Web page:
times.

Since we are looking for a number, we will let

*x* = a number

***Get all the x terms on one side**

***Inv. of sub. 2 is add 2**

If you take twice the difference of 6 and 1, that is
the same as 4
more than 6, so this does check.

**FINAL ANSWER: **

Make sure that you read the question carefully several
times.

We are looking for two numbers, and since we can write the one number in terms of another number, we will let

*x* = another number

one number is 3 less than another number:

*x* - 3 = one number

***Inv. of sub 3 is add 3**

***Inv. of mult. 2 is div. 2**

If we add 90 and 87 (a number 3 less than 90) we do get
177.

**FINAL ANSWER: **

**Another number is 87.**

The following formula will come in handy for solving
example 3:

**Perimeter of a rectangle = 2(length) + 2(width)**

Make sure that you read the question carefully several
times.

We are looking for the length and width of the rectangle. Since length can be written in terms of width, we will let

*w* = width

length is 1 inch more than 3 times the width:

**1 + 3 w = length**

***Inv. of add. 2 is sub. 2**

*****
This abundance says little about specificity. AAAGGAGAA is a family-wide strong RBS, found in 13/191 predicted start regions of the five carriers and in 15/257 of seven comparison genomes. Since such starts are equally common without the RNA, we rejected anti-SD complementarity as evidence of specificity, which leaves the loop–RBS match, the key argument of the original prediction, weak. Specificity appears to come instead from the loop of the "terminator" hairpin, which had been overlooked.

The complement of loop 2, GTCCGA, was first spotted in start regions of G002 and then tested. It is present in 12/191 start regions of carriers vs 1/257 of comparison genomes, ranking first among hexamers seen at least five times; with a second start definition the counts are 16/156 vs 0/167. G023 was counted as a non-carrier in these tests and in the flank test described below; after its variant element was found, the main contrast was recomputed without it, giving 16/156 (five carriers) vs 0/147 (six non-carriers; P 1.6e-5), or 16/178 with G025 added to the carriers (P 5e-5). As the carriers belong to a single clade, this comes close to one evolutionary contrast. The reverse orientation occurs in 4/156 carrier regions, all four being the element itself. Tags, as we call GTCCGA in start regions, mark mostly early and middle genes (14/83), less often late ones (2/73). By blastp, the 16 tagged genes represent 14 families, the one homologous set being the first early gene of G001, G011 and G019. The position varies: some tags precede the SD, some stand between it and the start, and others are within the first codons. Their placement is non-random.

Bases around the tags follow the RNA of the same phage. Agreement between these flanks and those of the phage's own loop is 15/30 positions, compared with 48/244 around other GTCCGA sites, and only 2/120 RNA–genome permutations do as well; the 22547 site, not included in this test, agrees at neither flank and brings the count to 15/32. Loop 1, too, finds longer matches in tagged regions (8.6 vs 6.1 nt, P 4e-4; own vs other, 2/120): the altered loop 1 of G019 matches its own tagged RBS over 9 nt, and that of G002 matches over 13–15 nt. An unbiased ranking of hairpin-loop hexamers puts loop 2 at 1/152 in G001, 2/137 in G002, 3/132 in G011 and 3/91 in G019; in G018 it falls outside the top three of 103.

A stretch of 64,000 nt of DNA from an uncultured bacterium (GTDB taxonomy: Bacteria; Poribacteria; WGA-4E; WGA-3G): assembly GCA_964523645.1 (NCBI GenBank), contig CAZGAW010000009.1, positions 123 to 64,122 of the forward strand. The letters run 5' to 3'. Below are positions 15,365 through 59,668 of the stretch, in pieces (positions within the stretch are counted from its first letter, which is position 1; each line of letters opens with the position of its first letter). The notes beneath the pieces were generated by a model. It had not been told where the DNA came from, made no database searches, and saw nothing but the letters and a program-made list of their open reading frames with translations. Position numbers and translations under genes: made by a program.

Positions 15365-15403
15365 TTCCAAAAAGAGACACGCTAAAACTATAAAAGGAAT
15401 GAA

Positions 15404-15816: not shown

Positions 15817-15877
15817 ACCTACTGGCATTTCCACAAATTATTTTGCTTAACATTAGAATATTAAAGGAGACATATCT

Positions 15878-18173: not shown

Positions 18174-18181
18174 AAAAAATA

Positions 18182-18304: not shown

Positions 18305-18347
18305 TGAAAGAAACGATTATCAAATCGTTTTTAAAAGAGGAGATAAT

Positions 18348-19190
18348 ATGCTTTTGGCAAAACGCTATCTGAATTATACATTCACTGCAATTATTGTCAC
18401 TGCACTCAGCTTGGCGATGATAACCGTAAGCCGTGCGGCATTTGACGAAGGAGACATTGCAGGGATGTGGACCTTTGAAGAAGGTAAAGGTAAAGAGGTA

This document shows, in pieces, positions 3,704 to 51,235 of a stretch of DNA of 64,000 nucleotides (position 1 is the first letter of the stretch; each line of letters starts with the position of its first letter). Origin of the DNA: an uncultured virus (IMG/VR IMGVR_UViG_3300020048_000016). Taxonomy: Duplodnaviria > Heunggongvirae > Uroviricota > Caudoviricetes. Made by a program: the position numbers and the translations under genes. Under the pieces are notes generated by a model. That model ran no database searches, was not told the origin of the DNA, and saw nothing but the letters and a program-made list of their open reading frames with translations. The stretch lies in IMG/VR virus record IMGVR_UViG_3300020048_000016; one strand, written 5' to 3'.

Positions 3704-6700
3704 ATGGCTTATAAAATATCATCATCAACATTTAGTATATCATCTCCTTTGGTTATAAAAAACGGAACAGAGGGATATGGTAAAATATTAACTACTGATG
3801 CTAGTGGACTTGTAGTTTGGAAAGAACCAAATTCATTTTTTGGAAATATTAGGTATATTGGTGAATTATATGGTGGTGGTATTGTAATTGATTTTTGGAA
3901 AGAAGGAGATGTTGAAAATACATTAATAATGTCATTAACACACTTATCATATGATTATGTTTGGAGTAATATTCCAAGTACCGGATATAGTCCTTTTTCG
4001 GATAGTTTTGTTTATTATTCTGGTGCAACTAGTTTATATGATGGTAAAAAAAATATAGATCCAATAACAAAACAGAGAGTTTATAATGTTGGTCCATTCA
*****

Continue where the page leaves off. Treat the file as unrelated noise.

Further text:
***Inv. of mult. by 8 is div. by 8**

If width is 3, then length, which is 1 inch more than 3
times the width
would have to be 10. The perimeter of a rectangle with width of 3
inches and length of 10 inches does come out to be 26.

**FINAL ANSWER:**

**Length is 10 inches.**

**Complimentary angles sum up to be 90 degrees.**

Make sure that you read the question carefully several
times.

We are already given in the figure that

*x* = 1 angle

**5 x = other angle**

***Inv. of mult. by 6 is div. by 6**

If *x* is 30, then 5*x* = 5(30) = 150. 150 and 30 do
add up to be
180, so they are supplementary angles.

**FINAL ANSWER:**

**The two angles are 30 degrees and 150 degrees.**

** Practice Problems**